A power-sharing deal was reached in September but the sides remained deadlocked for months over how to divide Cabinet posts. Tsvangirai on Jan. 30 agreed to join the government now and resolve outstanding issues later. Parliament adopted a constitutional amendment creating the prime minister's post a week ago. The coalition agreement calls for the government to make its priority reviving the economy. Even if the factions can put aside their differences, they cannot do much without foreign help. The world's main donor, the United States, has made clear the money won't flow if Mugabe tries to sideline Tsvangirai. State Department spokesman Robert Wood congratulated Tsvangirai on becoming prime minister. But he said the United States would not ease sanctions or provide development assistance until it sees evidence of "real, true power sharing on the part of Robert Mugabe."
"We'll just have to wait and see," Wood told reporters. Botswana, among the neighboring countries most critical of Mugabe, welcomed Tsvangirai's swearing-in and expressed hope the new government "will work and help to alleviate suffering of the people of Zimbabwe," said Clifford Maribe, spokesman for Botswana's Ministry of Foreign Affairs.
South African President Kgalema Motlanthe told his Parliament on Tuesday that the swearing in was a vindication of his country's approach to the crisis. Motlanthe called on the international community to lift sanctions on Zimbabwe and turn its attention now to Zimbabwe's humanitarian crisis.
Former South African President Thabo Mbeki, who mediated the unity deal, had stuck to a strategy of quiet diplomacy on Zimbabwe for years despite criticism that the approach amounted to appeasing Mugabe.
The unity government's agenda includes preparing for new elections, expected in a year or two. Media restrictions will have to be lifted and other steps taken to ensure the elections are free and fair, after several ballots marred by violence, intimidation and manipulation blamed on Mugabe's party.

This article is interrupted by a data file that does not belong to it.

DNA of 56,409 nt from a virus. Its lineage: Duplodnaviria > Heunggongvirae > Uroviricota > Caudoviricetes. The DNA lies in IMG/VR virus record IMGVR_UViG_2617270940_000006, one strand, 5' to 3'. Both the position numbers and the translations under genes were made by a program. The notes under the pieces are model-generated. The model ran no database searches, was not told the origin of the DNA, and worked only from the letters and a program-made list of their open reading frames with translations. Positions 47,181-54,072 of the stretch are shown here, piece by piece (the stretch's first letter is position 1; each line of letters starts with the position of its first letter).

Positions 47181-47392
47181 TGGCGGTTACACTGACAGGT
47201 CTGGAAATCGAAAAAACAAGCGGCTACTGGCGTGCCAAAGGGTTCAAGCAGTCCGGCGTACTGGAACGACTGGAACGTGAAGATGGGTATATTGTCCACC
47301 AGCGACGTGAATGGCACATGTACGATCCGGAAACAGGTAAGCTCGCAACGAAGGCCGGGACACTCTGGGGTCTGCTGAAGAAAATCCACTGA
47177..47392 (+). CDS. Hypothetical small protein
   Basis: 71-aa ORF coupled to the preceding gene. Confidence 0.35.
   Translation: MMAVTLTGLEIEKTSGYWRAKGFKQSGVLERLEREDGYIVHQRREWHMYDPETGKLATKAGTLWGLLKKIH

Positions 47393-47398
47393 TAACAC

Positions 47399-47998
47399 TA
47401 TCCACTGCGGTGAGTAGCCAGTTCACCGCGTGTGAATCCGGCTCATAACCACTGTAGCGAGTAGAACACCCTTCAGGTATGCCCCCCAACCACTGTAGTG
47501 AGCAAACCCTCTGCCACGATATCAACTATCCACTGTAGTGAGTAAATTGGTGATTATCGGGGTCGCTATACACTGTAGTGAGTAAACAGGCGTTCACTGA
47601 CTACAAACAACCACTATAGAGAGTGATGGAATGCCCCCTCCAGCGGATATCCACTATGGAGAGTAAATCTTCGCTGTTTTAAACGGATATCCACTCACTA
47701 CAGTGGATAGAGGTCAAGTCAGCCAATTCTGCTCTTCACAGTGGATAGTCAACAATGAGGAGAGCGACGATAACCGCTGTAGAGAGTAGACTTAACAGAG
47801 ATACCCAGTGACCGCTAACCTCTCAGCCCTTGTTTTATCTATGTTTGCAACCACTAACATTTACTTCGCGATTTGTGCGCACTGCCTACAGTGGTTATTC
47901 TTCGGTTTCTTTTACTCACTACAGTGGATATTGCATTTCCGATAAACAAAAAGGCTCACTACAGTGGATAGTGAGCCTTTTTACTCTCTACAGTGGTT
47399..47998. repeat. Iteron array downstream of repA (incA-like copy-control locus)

Tsvangirai on Wednesday called for political detainees to be released. Human rights groups say tortured detainees are on the verge of dying in jail.
Some Tsvangirai allies say he never should have agreed to serve as prime minister in a government that left Mugabe president. Mugabe, meanwhile, has been under pressure from aides in the military and government who do not want to give up power and prestige to the opposition.
Unusually for a state occasion, no military chiefs were at Wednesday's ceremony. Generals in the past have said they would not salute Tsvangirai, a former labor leader who did not take part in the independence war that swept Mugabe to power in 1980. Elphas Mukonoweshoro, an opposition leader who was to take the oath of minister of public service when the rest of the Cabinet is sworn in Friday, described the absence of the military chiefs not as a snub, but an effort "to reflect the new Zimbabwe." Mugabe's regime had been described by some as close to a military government, with generals and revolutionary war veterans holding high government and political posts.